2 Corinthians 12:1-10
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New Testament: 2 Corinthians 12:1-10
Summary: Paul’s Visions and His Thorn
But he said to me, “My grace is sufficient for you, for my power is made perfect in weakness.” Therefore I will boast all the more gladly of my weaknesses, so that the power of Christ may rest upon me. ~ 2 Corinthians 12:9
God made a wonderful promise to Paul; and God makes the same promise to all of his (God’s) people. They do not have to depend on their own resources, for example, their strength, skills, intelligence or money. They only need to depend on God, and upon his kindness (grace). All that they need comes from him.
God’s people need that promise, because their own resources may fail. Even the strongest person can quickly become weak. An intelligent person may not know what to do. A rich person may lose his money. A healthy person may become ill. However, God’s grace (kindness) never fails*. In every situation, his kindness satisfies us completely.
Let us remind ourselves about how God showed his kindness to us. He sent his Son, Jesus Christ, into the world. When we were still God’s enemies, Christ died for us*. Christ suffered that punishment so that God could forgive our sins (wrong and evil deeds).
God’s kindness to us did not end with Christ’s death. Each of us had wandered far away from God; but God worked in our lives to bring us back to him*. God’s grace (kindness) to Paul astonished him*; and his grace in our lives should astonish us, too*.
When we have received a right relationship with God, his grace (kindness) is constantly working in our lives*. His grace works both in us, and through us. It works in us, because Christ lives in us*. Therefore, his strength is in our lives, even when we ourselves are weak. Also, his grace works through us, to benefit other people. That happens when God uses us to bring other people into a right relationship with him.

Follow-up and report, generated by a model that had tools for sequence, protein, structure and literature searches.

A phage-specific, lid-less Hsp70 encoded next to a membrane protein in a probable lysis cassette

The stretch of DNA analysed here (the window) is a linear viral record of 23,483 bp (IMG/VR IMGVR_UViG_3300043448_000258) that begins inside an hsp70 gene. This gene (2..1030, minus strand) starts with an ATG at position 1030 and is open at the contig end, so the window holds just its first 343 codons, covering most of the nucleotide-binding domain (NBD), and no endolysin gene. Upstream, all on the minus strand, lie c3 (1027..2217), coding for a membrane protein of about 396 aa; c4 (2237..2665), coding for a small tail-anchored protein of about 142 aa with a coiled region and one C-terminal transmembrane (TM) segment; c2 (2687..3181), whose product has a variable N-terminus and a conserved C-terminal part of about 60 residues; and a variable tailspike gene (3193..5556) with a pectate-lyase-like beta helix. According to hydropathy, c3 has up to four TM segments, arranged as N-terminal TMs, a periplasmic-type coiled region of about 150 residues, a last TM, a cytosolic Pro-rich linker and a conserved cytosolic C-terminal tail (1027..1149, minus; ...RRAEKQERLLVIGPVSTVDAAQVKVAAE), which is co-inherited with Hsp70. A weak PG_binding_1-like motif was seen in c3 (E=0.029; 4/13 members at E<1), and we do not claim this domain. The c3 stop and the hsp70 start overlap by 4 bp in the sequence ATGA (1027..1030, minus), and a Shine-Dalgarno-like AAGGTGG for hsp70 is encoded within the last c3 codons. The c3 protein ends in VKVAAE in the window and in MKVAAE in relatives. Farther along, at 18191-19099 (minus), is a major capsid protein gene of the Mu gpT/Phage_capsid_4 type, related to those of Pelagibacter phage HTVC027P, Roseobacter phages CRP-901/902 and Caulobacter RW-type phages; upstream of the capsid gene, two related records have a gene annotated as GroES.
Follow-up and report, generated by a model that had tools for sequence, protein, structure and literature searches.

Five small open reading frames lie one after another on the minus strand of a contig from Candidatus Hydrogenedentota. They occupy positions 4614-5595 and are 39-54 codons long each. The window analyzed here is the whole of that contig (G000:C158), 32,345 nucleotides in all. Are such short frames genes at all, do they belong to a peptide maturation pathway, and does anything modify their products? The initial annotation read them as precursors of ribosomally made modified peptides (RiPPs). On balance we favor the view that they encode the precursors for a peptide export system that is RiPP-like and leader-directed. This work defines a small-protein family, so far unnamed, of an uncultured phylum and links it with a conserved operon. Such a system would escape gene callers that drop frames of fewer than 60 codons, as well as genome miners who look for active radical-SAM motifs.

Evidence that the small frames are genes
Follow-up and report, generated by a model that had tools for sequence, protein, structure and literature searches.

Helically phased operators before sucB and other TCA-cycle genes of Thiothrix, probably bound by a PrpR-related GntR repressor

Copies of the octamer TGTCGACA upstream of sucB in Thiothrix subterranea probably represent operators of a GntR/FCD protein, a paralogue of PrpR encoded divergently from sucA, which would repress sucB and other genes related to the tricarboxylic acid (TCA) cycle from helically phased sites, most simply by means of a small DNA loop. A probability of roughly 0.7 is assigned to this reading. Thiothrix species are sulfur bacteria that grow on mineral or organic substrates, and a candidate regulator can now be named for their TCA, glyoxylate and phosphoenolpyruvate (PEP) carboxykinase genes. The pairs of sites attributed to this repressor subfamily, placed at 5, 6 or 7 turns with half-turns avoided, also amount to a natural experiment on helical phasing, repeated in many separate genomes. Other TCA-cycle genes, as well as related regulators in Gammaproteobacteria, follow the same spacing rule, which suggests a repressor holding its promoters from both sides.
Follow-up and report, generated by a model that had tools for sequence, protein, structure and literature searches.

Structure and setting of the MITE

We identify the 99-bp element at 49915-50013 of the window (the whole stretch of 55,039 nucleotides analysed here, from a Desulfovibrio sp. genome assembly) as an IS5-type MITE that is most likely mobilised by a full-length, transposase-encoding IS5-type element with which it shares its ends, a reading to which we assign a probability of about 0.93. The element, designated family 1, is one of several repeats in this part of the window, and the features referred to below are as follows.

It’s not uncommon to hear others say, and to find oneself saying, things like this: “If I wasn’t such a quiet person, then I think God would make much more use of me than he does.” Funnily enough, somebody else in the room is saying of themselves, “If I were just a little quieter and not as boisterous as I am, I think I might be more useful to God.” Another is saying, “If my circumstances were only brighter, then I think I would be increasingly useful. If my health were only a little better, if my mind were only a little quicker…” And so it goes on. “If I were not”—to quote Paul in earlier verses —“if I were not such an old clay pot, if I were something other than I am, then in the discovery of this new person, then I think I would be the kind of useful individual that God looks for his kingdom.”
By: Alistair Begg